Last Line of Defense: the NHL’s Greatest Shutdown Goalies

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Nothing makes a defense seem more formidable than knowing the man protecting their net is one of the greatest of all time. The goalie is called such because his job is to literally stop his opponents from accomplishing their goal, and the true greats are in no way daunted by representing their squad’s last line of defense.

Among the all-time greats are those legendary few that not only turn away thousands of shots per year, but also have been known to completely shut down an opponent on their own. The shutout is one of the most difficult feats to accomplish in hockey, and only a few have truly mastered it.

5 Jacques Plante

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82 Shutouts, 2.38 Goals Against Average

Not only was Jacques Plante one of the greatest goaltenders in the history of the NHL, he was also an innovator who became the first ever goalie to regularly wear a mask, which he actually helped create. So it’s fair to say that modern goalies should not only admire him, but their faces should thank him. Over 19 seasons, Plante led the league in shutouts four times, and led in goals against average in eight seasons. He was an eight-time All-Star, won the Vezina Trophy an NHL record seven times, and is one of only six goalies in league history to win the MVP.

4 Glenn Hall

84 Shutouts, 2.49 Goals Against Average

Minding the net for the Red Wings, Black Hawks, and Blues, Glenn Hall played 18 seasons in the NHL and was one of the league’s most effective goaltenders throughout. Hall led the league in shutouts six times, including a run of four straight years from 1959 to 1963. A truly consistent and durable goalie, Hall had a run of seven straight seasons between Detroit and Chicago in which he didn’t miss a single game, and is sixth on the NHL’s all-time games-played list. Hall took home the Vezina Trophy three times, and was a 13-time NHL All-Star.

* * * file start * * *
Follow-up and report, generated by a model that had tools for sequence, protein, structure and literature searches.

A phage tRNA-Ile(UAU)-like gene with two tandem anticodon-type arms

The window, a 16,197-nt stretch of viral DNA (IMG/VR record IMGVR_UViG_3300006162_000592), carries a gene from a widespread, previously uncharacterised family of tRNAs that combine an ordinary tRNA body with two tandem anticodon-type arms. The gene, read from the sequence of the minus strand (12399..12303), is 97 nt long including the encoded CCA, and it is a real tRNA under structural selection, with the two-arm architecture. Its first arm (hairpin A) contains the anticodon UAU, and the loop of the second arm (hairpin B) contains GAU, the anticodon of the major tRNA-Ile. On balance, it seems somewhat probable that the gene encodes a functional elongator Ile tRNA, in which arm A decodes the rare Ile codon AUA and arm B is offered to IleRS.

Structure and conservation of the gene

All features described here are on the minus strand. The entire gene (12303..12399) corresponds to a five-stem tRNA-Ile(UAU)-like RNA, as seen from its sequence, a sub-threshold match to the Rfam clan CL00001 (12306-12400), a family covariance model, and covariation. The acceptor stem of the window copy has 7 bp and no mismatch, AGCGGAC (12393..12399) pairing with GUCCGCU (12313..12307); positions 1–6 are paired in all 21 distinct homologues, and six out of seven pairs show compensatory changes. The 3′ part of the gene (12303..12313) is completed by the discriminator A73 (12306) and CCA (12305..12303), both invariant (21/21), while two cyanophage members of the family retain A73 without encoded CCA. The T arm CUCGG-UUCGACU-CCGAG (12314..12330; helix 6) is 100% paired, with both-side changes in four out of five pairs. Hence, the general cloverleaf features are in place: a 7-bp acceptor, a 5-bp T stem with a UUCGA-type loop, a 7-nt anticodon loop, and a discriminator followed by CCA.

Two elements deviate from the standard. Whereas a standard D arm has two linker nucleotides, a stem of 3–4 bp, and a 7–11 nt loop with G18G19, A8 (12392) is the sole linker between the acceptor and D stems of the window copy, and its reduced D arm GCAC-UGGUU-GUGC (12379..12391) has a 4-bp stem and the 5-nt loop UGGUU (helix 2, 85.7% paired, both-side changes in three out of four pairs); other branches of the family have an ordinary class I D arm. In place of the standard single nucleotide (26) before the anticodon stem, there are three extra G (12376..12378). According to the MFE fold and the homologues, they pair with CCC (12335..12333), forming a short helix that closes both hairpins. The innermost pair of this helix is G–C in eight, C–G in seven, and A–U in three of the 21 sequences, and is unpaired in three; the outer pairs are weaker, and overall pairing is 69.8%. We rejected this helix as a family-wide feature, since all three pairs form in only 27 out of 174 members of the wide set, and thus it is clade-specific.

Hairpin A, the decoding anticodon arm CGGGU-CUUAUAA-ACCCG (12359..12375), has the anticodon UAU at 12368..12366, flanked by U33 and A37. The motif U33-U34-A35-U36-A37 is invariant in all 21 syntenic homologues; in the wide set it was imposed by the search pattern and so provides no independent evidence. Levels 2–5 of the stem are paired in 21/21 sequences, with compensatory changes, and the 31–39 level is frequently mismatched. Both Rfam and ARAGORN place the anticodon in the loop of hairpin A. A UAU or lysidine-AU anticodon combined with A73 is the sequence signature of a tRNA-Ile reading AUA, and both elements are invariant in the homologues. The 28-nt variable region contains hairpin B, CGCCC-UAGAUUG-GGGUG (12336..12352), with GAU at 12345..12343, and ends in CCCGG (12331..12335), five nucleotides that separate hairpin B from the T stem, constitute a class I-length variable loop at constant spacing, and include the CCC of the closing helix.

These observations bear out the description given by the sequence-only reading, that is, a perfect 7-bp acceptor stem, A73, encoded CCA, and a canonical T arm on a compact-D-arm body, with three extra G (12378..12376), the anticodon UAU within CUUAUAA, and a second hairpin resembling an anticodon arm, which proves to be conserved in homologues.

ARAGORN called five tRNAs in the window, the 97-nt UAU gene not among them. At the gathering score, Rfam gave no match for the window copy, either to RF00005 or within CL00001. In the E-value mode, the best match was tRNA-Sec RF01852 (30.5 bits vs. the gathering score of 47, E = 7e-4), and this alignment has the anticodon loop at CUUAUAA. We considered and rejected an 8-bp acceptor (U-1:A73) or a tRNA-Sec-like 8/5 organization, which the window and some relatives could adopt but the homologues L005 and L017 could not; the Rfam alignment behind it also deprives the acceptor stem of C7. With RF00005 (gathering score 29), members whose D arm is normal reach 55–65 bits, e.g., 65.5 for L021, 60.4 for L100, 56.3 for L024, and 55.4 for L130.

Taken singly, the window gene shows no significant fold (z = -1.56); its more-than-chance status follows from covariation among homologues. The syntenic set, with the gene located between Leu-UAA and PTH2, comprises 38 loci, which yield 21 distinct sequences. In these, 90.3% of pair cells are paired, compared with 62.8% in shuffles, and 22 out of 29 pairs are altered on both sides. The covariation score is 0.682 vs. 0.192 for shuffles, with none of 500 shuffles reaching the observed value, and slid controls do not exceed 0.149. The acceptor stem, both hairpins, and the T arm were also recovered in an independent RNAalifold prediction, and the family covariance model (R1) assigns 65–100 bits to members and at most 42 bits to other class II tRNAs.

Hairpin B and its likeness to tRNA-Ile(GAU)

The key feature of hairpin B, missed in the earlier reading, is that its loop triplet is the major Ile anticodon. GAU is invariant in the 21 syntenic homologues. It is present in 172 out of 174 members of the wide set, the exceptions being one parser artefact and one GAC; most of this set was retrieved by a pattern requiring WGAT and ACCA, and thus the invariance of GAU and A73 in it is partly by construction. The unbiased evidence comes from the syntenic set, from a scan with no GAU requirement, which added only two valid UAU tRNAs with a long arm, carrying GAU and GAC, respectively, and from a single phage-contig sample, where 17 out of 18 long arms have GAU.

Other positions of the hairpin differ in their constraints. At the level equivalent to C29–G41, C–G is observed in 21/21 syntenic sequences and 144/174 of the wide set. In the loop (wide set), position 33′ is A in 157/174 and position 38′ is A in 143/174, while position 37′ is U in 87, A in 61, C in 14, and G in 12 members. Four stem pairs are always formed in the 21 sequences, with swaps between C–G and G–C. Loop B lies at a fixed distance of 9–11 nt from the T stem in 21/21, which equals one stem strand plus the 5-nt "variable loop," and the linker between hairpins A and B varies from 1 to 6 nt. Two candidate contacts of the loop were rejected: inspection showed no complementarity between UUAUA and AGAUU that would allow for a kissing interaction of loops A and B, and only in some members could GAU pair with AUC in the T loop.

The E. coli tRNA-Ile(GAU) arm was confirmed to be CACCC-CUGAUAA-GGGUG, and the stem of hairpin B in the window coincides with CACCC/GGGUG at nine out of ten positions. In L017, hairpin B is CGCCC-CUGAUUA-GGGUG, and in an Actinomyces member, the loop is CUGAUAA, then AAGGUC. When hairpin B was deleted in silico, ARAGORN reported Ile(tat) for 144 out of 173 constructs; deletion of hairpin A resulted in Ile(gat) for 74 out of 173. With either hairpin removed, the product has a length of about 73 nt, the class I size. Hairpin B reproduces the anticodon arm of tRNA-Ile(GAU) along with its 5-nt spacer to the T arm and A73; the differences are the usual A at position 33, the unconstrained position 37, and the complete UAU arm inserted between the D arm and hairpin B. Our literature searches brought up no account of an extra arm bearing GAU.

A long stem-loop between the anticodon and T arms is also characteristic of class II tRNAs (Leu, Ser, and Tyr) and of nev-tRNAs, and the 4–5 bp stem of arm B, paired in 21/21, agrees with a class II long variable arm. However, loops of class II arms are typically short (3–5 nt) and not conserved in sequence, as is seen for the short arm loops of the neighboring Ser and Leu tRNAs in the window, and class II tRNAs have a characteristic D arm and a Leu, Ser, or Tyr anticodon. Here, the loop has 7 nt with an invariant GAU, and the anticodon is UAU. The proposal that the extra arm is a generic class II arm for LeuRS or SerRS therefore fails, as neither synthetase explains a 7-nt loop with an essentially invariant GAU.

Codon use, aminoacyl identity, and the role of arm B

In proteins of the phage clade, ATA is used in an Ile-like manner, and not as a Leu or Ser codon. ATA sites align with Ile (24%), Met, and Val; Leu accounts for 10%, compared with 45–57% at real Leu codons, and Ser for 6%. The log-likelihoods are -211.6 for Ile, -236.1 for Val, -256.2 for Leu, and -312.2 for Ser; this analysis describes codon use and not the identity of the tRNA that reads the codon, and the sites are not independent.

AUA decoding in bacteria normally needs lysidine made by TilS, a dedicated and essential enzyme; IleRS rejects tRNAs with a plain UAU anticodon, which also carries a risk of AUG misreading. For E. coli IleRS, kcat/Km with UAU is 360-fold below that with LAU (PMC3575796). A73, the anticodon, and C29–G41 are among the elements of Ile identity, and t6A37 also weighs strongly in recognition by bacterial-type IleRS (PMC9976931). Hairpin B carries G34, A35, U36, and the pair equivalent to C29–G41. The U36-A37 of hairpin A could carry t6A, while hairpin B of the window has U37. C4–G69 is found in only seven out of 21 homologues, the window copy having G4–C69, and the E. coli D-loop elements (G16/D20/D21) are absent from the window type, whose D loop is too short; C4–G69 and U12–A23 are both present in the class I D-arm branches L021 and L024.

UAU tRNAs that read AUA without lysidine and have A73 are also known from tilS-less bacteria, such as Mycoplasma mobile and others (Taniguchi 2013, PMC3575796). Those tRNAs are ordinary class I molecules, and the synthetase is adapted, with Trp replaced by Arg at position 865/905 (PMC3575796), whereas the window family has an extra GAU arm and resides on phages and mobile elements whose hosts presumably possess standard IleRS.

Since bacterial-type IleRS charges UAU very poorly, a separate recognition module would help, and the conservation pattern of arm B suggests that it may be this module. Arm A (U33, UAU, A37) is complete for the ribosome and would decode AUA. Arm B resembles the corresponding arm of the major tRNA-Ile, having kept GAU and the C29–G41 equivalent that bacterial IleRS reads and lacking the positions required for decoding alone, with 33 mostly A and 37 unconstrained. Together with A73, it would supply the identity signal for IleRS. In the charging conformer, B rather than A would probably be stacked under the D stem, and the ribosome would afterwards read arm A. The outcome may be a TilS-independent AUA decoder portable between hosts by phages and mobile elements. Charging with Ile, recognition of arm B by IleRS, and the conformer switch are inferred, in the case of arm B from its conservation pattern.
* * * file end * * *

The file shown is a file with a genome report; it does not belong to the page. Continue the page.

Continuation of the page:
3 George Hainsworth

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94 Shutouts, 1.93 Goals Against Average

Playing in the formative NHL years, George Hainsworth was one of the league’s top net-minders from 1926 to 1937. Starting his career off in Montreal, Hainesworth was a legitimate stone wall in the late 1920s: He enjoyed a remarkable run in which he posted 14, 13, and an unbelievable 22 shutouts in his first three seasons in the league. Over the course of his 11-year NHL career, Hainsworth led the league in shutouts and goals against average twice, and posted eight or more shutouts in all but four seasons. He was a four-time Vezina Trophy winner and inducted into the Hall of Fame in 1961.

2 Terry Sawchuk

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103 Shutouts, 2.51 Goals Against Average

Playing 21 seasons in the NHL with the Red Wings, Bruins, Maples Leafs, Kings, and Rangers, Terry Sawchuk was one of the toughest men ever to mind the crease. Leading the NHL in shutouts three times, Sawchuk posted nine or more in a season six times, and was consistently among the top five in goals against average at season’s end. He went to 11 All-Star games, won All-NHL honors seven times, and was a four-time winner of the Vezina Trophy for the league’s top goalie. Sawchuk died tragically young at the age of 40 in 1970, and was posthumously voted into the Hall of Fame in ’71.

1 Martin Brodeur

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120 Shutouts, 2.23 Goals Against Average

If you flip through the NHL record books, there is one name that shows up at or near the top of nearly every major goaltending list: Martin Brodeur. Still going strong at age 40, Brodeur holds a comfortable lead atop the list of all-time career shutouts, and is the only active goalie to even crack the top 10. In his 20 seasons with the Devils, Marty has posted 10 or more shutouts four times, and led the league in shutouts five times. He is a five-time winner of the Jennings Trophy for fewest goals scored against, and a four-time winner of the Vezina Trophy for the league’s top goalie.

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